Sad but true: great books don’t always make great book club novels.
When it comes to choosing a great book club novel, you don’t necessarily need an amazing book (although that doesn’t hurt). You need fodder for discussion.
I’ve read some book club books where everyone loved the novel. Great Expectations was one of them. (It’s a great book; you should think about reading it.) We went around the room saying things like “It was fabulous! Wonderful! I can’t believe I’ve never read Dickens before!”
And then the conversation was over.
What’s the fun in that?
Sometimes bad books—or at least seriously flawed ones—make for much better book club discussions. They may be far from greatness, but golly, is there a lot to talk about.
My list of favorite book club books is different from my list of favorite books. In book club, I want to unpack controversial books with odd characters and strange endings. I want to talk through books that are relatable, even if they’re not great literature. I want to muse about why the author made the choices she did, and discuss whether or not they worked.
In book club, I want to talk about books that frustrated me, the characters that shone and the ones that fell flat, the plot choices that were zany but believable and the ones that just felt off. I want to talk about the books I related to, the ones I could see myself in, and find out if I was the only one who saw it that way.
With those characteristics in mind, these are books I would love to discuss in book club. There are quite a few books here I didn’t actually like, but there’s plenty to talk about.
Pride and Prejudice meets Downton Abbey: this is Austen's classic story, retold from the servant's perspective. You'll love it or you'll hate it. (But hey, polarizing books make for great discussion.) Book club discussion highlight: what Baker did with Mr. Wickham. (Shudder.)More info →
This mystery is set on the grounds of Pemberley, five years or so after the marriages of Darcy and Elizabeth, Bingley and Jane. The plot revolves around Wickham this time. Book club highlight: how James paints the Darcys marriage, 5 years later. More info →
First off: I loved this book, even though the description didn’t sound particularly interesting to me. File under fathers and sons, tight-knit communities, and outlaws. Book club highlight: the miracles that happen in the novel, and that happen (or not) in our everyday lives. More info →
The setting: a private girls’ boarding girl. The mission: to pursue the latest clue in a case that’s gone cold. The themes: trust, friendship, and class warfare. (Warning: f-bombs galore, like all French’s books.) Book club highlight: the supernatural. Does it strengthen the plot or not? More info →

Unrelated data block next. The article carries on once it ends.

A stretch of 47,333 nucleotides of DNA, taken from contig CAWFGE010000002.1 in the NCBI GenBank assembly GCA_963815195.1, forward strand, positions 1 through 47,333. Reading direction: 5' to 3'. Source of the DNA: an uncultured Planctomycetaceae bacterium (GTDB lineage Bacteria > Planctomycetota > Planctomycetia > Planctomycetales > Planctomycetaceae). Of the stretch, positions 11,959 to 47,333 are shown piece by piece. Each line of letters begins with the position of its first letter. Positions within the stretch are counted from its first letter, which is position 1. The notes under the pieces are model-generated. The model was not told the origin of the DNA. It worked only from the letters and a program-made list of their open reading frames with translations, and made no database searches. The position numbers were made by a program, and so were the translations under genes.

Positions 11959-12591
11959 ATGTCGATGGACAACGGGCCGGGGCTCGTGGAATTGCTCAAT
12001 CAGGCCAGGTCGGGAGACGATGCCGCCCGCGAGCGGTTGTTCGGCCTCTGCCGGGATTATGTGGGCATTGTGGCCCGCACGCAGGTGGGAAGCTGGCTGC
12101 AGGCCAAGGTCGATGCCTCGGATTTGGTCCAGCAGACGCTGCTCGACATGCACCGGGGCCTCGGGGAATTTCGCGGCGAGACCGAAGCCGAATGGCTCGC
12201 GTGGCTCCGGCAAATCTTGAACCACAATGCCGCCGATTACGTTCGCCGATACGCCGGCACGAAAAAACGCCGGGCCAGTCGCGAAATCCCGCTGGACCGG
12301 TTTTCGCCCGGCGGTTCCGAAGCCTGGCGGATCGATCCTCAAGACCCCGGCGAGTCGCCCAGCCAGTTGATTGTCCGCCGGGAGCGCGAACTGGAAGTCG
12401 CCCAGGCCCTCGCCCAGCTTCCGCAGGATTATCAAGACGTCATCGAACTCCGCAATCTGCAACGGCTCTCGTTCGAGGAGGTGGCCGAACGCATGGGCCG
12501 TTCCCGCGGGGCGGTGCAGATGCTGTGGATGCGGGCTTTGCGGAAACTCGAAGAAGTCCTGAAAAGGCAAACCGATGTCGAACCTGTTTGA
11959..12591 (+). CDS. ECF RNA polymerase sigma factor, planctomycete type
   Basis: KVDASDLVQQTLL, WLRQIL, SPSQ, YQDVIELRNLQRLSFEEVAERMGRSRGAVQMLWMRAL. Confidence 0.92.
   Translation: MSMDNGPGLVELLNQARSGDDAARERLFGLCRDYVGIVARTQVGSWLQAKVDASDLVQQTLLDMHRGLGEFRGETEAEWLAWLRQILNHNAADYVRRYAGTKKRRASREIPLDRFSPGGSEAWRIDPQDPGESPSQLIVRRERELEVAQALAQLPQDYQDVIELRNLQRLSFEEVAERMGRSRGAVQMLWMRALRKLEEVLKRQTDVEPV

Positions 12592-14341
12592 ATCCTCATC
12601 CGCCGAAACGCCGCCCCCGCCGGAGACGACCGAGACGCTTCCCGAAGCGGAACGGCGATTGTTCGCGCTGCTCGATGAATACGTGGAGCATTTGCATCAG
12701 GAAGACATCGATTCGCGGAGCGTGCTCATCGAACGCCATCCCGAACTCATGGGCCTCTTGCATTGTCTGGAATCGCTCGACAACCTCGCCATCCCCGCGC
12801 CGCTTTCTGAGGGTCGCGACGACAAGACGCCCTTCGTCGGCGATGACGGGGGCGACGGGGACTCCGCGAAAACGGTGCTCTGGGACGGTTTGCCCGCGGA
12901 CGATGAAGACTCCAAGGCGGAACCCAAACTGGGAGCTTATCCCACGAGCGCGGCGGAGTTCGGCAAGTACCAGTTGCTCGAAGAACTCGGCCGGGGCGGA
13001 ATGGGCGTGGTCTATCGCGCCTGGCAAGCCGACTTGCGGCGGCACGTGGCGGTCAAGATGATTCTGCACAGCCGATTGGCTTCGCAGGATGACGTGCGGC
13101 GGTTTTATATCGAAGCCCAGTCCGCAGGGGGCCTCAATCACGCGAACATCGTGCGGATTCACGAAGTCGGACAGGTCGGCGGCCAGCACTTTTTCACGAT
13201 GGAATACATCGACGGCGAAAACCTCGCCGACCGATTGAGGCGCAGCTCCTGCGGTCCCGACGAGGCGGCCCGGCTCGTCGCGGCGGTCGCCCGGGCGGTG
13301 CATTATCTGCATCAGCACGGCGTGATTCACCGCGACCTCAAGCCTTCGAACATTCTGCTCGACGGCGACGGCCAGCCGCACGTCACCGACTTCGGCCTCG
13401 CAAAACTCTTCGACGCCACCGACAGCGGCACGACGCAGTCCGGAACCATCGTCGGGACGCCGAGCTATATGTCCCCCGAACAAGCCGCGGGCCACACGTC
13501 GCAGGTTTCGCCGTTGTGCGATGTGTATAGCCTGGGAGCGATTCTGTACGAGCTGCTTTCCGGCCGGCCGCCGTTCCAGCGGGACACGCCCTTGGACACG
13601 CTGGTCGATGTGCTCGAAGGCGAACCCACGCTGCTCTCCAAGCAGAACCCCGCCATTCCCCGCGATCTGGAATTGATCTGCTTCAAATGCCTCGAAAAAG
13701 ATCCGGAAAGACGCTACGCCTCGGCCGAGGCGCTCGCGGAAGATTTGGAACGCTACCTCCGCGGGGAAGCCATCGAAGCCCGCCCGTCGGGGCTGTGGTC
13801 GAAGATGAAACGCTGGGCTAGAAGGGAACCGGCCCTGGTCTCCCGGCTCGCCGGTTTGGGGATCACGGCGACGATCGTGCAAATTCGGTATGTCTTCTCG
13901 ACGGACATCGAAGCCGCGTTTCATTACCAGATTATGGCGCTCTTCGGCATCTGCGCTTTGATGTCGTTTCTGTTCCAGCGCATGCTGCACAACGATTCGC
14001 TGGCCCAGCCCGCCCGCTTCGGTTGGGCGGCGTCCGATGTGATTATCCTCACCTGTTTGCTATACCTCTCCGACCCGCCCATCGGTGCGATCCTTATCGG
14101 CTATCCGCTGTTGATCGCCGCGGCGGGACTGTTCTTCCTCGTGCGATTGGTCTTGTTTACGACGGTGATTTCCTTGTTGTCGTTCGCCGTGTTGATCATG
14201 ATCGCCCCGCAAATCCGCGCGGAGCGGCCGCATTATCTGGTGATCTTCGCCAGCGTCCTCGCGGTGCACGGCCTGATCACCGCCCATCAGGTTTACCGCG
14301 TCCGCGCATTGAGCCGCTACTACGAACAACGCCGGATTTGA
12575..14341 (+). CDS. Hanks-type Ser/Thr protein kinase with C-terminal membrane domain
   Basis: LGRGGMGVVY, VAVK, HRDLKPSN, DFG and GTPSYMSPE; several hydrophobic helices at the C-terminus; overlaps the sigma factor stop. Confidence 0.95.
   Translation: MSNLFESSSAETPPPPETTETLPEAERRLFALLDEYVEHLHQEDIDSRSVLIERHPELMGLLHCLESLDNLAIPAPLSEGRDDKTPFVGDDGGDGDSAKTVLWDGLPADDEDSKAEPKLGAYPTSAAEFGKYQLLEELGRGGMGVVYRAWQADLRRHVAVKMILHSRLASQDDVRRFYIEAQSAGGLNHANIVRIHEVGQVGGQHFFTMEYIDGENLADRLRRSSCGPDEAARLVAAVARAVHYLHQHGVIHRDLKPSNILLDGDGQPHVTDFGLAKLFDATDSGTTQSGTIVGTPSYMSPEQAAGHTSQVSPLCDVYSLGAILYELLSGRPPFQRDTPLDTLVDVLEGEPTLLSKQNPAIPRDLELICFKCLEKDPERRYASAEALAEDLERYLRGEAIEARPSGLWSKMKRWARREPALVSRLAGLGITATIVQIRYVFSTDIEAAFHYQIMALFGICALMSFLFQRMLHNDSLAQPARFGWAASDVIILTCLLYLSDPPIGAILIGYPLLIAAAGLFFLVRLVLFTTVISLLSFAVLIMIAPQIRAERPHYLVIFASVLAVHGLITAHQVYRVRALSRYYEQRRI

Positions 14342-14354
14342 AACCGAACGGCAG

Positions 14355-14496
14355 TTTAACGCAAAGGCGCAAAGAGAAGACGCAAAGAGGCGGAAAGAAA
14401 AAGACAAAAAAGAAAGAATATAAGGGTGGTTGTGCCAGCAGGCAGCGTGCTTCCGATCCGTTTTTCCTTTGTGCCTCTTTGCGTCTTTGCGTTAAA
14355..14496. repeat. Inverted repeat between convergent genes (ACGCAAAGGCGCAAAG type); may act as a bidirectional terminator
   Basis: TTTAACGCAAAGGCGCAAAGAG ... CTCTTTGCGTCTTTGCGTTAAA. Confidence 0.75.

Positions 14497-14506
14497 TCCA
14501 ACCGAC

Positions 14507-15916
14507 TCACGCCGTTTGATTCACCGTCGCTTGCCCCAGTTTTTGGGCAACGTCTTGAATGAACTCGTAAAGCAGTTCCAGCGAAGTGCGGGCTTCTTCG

Woman has kids, woman pours herself into kids, woman feels like she’s lost herself because her life feels like it’s all about the kids. It’s a story we usually encounter in real life, not fiction. But not this time. Book club highlight: how Center does (or doesn’t) do justice to the stay-at-home mom. More info →
The title sisters are named after the heroines of Pride and Prejudice, but that’s where the similarities end. This modern novel adroitly covers books, breast cancer, fancy cookery, and sisterhood. Book club highlight: It’s a toss-up between the food and family relationships. More info →
This is the fictionalized account of Hemingway’s first marriage to Hadley Richardson. The setting—mostly Jazz-Age Paris—is dreamy; the marriage, less so. We all know how this ends: badly. And yet, towards the end of his life Hemingway said, “I wished I had died before I loved anyone but her.” Book club highlight: Hemingway, that dirty dog. More info →
An intimate look at the life Zelda Fitzgerald may have lived with Scott Fitzgerald and the rest of the Lost Generation. Though she’s often known as nothing more than Fitzgerald’s crazy wife (thanks largely to Hemingway), this fascinating and heartbreaking novel casts Zelda in a more sympathetic light. Book club highlight: what is truth, and what is fiction? More info →
It’s no coincidence there are two Tana French books on this list: she writes a great book club novel. This is her first book in the Dublin Murder Squad, and it’s seriously disturbing. But if your book club can stomach it, you can talk about psychopaths and supernatural disturbances. Book club highlight: the ending. More info →
I picked this one up when Michael Pollan raved about it, saying it “embodied the spirit of slow food and life.” Paterniti had me from the words Zingerman’s Delicatessen. The story artfully weaves itself right into the heart of Catelonian Spain, but then it becomes muddled and confused. The reader can decide if this is weakness, or metaphor. Book club highlight: the ending. Is it altogether unsatisfying, or completely perfect? More info →
What books have prompted YOUR best book club discussions? What books would you love to discuss in book club?